I heard of this practice supposedly used by the US Forest Service. It goes like this;

At the beginning of a meeting, participants are asked to think about and legibly write down their own answers to questions like the following:

a) What are the best things you can imagine coming out of this meeting? b) What are the worst things you can imagine coming out of this meeting? c) What behaviors do you think would make the difference between good outcomes and bad?

Participants then post their answers on a wall in the meeting room and take a break to look over each other's answers (perhaps with coffee and donuts).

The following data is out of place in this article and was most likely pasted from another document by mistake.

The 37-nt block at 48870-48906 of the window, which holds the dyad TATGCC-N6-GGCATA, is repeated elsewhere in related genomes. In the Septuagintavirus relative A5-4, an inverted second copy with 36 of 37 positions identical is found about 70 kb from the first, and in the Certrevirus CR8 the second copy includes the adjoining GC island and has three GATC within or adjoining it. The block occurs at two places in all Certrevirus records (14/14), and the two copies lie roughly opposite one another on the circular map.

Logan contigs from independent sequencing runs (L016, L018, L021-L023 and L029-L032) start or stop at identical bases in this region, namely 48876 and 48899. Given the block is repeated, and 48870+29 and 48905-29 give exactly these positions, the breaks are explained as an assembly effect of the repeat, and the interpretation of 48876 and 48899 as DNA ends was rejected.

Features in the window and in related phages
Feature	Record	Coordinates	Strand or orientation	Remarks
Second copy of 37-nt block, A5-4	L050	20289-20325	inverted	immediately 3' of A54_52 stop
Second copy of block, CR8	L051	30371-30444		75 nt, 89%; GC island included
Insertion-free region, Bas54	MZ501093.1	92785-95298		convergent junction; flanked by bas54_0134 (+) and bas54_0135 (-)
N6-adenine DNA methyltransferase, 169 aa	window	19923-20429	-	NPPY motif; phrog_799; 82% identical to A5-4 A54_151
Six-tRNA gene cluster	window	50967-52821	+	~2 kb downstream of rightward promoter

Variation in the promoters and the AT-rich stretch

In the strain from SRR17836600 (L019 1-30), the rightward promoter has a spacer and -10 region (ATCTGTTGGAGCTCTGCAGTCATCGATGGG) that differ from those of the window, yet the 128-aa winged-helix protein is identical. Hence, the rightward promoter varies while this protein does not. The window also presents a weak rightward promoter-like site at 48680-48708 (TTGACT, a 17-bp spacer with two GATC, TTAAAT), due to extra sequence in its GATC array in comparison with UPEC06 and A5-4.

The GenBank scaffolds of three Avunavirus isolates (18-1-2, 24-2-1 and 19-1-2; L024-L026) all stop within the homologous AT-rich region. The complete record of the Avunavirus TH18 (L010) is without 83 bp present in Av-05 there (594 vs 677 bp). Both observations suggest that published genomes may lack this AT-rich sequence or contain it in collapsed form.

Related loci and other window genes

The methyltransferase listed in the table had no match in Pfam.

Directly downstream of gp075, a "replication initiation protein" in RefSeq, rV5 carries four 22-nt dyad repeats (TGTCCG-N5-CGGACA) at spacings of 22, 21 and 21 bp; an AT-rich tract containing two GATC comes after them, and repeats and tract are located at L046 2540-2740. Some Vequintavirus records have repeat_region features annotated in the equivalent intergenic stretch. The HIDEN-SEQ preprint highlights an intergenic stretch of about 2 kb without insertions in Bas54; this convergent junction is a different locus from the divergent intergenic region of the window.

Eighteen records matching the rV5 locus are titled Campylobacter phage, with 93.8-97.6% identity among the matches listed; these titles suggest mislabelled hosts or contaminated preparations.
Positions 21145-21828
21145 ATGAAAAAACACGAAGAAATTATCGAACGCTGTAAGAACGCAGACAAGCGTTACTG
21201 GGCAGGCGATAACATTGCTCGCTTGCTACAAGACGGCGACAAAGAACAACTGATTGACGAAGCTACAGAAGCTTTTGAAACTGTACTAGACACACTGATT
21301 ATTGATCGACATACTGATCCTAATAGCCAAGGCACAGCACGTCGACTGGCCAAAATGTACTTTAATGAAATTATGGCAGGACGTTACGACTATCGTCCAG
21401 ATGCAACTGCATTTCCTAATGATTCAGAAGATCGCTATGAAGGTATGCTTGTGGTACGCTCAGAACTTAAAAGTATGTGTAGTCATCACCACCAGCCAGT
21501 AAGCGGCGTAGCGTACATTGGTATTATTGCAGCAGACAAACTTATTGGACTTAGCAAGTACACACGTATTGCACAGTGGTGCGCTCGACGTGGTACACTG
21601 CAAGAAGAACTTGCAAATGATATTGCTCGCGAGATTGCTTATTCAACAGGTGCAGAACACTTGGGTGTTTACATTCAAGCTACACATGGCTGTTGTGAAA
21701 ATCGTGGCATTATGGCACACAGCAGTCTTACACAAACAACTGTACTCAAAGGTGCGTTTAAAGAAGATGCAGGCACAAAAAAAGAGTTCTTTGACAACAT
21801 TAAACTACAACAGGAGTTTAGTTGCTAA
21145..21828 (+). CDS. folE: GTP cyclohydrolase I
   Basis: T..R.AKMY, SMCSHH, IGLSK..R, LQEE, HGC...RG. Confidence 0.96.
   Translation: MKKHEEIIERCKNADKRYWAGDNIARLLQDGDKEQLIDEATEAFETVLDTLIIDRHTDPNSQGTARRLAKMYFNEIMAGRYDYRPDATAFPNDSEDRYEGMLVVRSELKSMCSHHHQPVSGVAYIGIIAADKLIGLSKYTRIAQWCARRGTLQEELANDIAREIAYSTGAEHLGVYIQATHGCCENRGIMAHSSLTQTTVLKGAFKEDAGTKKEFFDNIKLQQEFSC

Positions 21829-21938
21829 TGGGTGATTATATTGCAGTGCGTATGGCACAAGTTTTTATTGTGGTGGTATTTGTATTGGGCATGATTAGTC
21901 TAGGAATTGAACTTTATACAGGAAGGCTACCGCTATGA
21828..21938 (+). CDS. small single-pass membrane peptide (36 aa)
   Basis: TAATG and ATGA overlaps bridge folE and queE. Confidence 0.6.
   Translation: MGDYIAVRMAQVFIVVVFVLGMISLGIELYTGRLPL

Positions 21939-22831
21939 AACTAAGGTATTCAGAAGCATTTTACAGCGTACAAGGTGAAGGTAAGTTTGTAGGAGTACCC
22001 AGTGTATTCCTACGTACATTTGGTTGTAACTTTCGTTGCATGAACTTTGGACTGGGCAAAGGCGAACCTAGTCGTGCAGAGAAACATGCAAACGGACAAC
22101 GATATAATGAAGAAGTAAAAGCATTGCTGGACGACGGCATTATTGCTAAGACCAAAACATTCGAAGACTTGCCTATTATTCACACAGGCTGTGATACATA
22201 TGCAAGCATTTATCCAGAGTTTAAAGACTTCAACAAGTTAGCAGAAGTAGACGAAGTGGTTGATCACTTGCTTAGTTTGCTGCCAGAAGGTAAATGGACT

Then the meeting begins.

There is no discussion of what people wrote and no effort to craft agreed-on rules of behavior. The exercise above, by itself, is said to orient people towards constructive group behaviors.

-- Tom Atlee





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see where we are also listing similar practices

  --Michel Bauwens (Not signed in).....Sun Jan 31 00:53:33 -0800 2010

The Bohm Dialogue, especially Collective Reflection has significance for me in terms of artistic critique and dialogue.

If one wanted to connect this to Jungian thought I'd relate to that.

  --Srule Brachman (Not signed in).....Mon May 21 17:09:16 +0000 2012





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